The Witness for the Prosecution is a famous short story and play by Agatha Christie. The story was initially published as Traitor Hands in Flynn's Weekly edition of 31 January 1925. In 1933, the story was published for the first time in the collection The Hound of Death and Other Stories that appeared only in the United Kingdom. The American audience had to wait until 1948 when it was included in the collection The Witness for the Prosecution and Other Stories.
Plot[edit | edit source]
A solicitor, Mr. Mayherne, interviews his latest client in his office: Leonard Vole is a young man who has been arrested on the capital charge of the murder of an old lady, Miss Emily French. Vole tells how he met Miss French when he helped her to pick up some parcels she dropped in Oxford Street and, by coincidence, he met her again that night at a party in Cricklewood. She asked him to call at her house and he was ribbed by his friends who joked that he had made a conquest of a lonely and wealthy old lady.
He did call and struck up a friendship with Miss French and started to see her on many other occasions at a time when he himself was in low water financially. Vole's story is that Miss French asked him for financial advice despite the testimony of both her maid, Janet Mackenzie, and Miss French's bankers that the old lady was astute enough herself on these matters. He protests that he never swindled her of a single penny and, if he had been, surely her death would have frustrated his plans? Vole is then staggered when Mayherne tells him that he is the principal beneficiary of Miss French's will and that Janet Mackenzie swears that her mistress told her that Vole was informed of this change in his fortunes.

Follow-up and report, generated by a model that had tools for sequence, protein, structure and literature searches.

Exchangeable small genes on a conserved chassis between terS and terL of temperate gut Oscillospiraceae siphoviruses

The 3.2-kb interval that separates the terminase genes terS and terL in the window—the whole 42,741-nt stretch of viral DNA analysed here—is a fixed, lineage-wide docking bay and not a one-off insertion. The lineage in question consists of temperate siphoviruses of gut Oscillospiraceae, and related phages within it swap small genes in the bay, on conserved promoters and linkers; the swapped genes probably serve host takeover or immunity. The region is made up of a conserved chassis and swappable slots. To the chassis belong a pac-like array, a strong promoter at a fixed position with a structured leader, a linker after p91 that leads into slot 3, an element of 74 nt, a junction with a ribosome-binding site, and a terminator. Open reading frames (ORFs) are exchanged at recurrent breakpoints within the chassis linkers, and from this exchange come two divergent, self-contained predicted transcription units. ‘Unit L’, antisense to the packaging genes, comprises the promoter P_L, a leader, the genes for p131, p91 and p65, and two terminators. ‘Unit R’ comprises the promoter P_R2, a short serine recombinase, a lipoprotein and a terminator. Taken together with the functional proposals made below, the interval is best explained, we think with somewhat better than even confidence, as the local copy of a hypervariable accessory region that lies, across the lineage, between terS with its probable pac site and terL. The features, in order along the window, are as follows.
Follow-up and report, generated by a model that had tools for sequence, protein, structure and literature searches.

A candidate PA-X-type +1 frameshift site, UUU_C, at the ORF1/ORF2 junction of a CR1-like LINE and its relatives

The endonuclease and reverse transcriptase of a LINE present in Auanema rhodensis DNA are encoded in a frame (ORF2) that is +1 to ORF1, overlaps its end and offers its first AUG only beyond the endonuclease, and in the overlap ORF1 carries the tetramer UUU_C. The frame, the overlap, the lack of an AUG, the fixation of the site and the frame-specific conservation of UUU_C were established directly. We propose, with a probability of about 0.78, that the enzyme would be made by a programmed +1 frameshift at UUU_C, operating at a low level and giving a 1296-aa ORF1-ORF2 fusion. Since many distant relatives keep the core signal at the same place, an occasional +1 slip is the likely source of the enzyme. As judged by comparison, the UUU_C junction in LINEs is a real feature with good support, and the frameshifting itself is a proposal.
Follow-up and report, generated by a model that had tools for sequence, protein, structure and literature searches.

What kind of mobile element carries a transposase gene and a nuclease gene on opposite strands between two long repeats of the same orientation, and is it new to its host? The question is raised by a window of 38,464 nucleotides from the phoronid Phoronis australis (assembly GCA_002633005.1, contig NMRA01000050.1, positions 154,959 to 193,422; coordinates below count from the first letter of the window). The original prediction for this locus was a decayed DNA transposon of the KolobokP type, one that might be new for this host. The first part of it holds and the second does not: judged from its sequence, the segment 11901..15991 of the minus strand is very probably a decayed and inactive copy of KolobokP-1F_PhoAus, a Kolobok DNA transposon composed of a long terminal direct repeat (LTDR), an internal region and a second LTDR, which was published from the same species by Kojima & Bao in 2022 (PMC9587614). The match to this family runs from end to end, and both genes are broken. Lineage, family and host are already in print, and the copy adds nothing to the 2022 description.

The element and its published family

The facts of the murder are that Janet McKenzie, on her night off, returned to Miss French's house briefly at half-past-nine and heard voices in the sitting-room. One was Miss French and the other was a man's. The next morning, the body of Miss French was found, killed by a crowbar with several items taken from the house. Burglary was at first suspected but Miss Mackenzie's suspicions of Vole pointed the police in his direction and led eventually to his arrest. Vole though is delighted to hear of Miss Mackenzie's testimony about the visitor at nine-thirty as he was with his wife, Romaine, at the time and she can provide him with an alibi.
Mayherne has already wired Mrs Vole to return from a trip to Scotland to see him and he goes to her house to interview her. He is surprised to find that she is foreign and is staggered when she cries out her hatred of Vole and that he is not her husband – she was an actress in Vienna and her real husband is still living there but in an asylum. She alleges that Vole returned from Miss French's an hour later than he claims and, not being her lawful husband, she can testify against him in court.